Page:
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CNY joins rest of state in rejecting referendum on constitutional convention

A sign opposing a constitutional convention is seen in Syracuse (Luke Parsnow)

Central New York voters, along with a vast majority of those across the state, soundly rejected a ballot proposal asking if New York should hold a state constitutional convention in 2019.

With 99 percent of the vote accounted for, the "no" vote for a convention statewide received 83 percent of the vote; the "yes" vote just 16 percent, according to the New York State Board of Elections.

The results expand on a Nov. 1 Siena College poll that found likely voters would vote "no" by a 57 percent to 25 percent margin, which was a strong reversal from the summer. As recently as September, polls showed a plurality of voters supported a convention.

New Yorkers vote every 20 years on whether or not to hold a constitutional convention in Albany. The last time a convention was held was in 1967, and the last time a convention resulted in actual changes to the constitution was in 1938.

Had the referendum passed, voters would've elected delegates in the 2018 midterm elections, who would've then gone to the state capitol on their behalf in 2019.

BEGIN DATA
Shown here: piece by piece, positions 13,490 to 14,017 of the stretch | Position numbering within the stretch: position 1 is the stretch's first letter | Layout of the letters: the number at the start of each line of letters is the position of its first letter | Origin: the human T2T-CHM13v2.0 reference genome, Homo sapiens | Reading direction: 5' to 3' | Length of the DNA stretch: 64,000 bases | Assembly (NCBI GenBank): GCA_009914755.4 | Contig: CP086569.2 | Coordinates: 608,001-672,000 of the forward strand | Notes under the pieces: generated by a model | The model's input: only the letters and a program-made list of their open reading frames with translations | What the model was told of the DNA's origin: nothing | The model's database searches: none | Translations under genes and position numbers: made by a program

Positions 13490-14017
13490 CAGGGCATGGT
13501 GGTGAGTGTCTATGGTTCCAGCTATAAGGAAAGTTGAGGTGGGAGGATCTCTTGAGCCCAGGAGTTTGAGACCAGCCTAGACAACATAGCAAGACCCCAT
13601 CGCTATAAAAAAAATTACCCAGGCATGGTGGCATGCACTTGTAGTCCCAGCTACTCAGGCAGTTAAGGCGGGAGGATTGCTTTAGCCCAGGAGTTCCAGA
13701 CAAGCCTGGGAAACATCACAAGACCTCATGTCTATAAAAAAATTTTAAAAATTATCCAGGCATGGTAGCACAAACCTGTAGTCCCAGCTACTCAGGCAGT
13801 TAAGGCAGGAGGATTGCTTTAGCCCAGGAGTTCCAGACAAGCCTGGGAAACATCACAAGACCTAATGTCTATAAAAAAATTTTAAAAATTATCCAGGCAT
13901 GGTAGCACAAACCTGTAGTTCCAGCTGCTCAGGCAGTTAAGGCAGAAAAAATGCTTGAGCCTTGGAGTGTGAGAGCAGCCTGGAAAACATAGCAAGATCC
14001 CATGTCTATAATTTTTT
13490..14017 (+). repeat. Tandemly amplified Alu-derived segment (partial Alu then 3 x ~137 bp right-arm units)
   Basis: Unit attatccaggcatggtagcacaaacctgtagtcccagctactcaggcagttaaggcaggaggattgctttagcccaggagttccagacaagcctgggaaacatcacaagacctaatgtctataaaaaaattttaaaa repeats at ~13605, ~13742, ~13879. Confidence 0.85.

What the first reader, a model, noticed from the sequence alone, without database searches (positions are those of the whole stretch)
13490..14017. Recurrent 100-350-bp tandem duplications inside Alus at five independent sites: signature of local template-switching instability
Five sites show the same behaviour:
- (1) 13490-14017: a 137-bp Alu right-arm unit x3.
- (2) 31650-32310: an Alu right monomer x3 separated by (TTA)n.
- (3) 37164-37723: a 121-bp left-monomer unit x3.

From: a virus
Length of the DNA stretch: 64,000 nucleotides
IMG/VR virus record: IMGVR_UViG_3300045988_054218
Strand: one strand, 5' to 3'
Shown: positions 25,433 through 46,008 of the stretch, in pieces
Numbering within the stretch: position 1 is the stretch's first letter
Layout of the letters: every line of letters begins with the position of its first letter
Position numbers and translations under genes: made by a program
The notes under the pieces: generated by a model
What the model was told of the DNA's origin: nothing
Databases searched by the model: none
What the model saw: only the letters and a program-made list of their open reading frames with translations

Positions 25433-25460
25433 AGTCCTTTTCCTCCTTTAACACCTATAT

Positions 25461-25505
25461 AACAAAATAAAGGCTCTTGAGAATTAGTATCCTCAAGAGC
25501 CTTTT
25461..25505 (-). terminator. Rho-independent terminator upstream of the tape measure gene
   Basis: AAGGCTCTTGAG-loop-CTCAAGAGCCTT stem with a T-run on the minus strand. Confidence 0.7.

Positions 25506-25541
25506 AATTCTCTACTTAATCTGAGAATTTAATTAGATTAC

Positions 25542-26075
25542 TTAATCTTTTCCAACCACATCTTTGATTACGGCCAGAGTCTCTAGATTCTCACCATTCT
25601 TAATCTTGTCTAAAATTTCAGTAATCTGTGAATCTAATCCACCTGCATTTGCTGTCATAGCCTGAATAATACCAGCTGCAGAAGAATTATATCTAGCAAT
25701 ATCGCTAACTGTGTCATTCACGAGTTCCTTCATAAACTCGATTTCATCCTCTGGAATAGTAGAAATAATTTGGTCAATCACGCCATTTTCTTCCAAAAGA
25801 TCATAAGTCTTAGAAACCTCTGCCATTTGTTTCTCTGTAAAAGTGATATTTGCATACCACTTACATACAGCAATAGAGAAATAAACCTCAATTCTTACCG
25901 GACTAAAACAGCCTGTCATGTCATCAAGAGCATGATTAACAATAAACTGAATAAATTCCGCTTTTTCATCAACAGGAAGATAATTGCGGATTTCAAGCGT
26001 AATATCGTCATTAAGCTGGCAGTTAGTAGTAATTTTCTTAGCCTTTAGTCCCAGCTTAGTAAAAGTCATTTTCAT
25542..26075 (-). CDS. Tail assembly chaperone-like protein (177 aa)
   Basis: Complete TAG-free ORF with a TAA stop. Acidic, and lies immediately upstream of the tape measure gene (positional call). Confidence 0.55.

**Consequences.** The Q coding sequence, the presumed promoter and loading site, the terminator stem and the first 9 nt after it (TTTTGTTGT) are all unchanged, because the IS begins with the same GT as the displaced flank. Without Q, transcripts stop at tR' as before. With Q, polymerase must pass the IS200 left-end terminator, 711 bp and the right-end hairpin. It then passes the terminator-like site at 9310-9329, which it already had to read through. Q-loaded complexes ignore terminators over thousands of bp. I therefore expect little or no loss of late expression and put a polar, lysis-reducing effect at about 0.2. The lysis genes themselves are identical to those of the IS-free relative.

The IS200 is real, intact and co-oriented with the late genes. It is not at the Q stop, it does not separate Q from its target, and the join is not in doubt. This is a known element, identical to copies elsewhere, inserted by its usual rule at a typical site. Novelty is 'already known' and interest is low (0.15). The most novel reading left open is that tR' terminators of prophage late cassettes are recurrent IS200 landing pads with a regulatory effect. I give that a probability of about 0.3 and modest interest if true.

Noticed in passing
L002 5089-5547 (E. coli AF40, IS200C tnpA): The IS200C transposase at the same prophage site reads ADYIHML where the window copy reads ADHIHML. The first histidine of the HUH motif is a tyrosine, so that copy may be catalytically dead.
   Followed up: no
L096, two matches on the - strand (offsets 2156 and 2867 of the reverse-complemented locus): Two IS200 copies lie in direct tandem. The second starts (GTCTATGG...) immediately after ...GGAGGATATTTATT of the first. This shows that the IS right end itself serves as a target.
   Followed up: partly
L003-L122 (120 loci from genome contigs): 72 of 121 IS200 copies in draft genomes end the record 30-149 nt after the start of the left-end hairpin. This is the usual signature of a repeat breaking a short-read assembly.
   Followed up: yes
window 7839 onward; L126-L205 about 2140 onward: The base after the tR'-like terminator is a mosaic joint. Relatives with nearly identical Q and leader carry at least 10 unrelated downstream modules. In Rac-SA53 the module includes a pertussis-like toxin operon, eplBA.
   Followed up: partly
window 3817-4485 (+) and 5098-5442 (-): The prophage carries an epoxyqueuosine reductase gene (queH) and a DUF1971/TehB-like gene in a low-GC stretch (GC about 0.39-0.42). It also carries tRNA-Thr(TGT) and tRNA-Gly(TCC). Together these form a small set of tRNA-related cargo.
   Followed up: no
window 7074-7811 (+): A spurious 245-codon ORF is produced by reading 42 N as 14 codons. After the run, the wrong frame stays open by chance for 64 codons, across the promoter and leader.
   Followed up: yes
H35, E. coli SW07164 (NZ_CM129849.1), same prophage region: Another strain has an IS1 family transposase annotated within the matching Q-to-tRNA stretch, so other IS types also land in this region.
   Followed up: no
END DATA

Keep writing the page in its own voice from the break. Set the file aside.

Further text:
Every county in central New York voted against the measure, with most seeing their "no" vote outperform 1997 results by huge margins. However, several counties saw fewer "no" votes and more "yes" votes in 2017 than they did in 1997 — Tompkins, Cortland, Seneca and Wayne.

When the proposal was on the ballot the last time, in 1997, every county in New York voted against it. The proposal was also defeated in 1977.

It will appear on the ballot again in 2037.

While the convention referendum saw stark opposition once again, the other two statewide proposals were both approved. The proposed amendment related to pension forfeiture for public officers convicted of felonies related to their official duties was approved overwhelmingly with 66 percent of the vote and the amendment related to the land bank for the Adirondacks and Catskills passed, though by a narrow 46-42 percent margin with 99 percent of the vote in.

Onondaga County voters also approved a ballot initiative that would turn control of the County Department of Corrections over to the Sheriff's Office.


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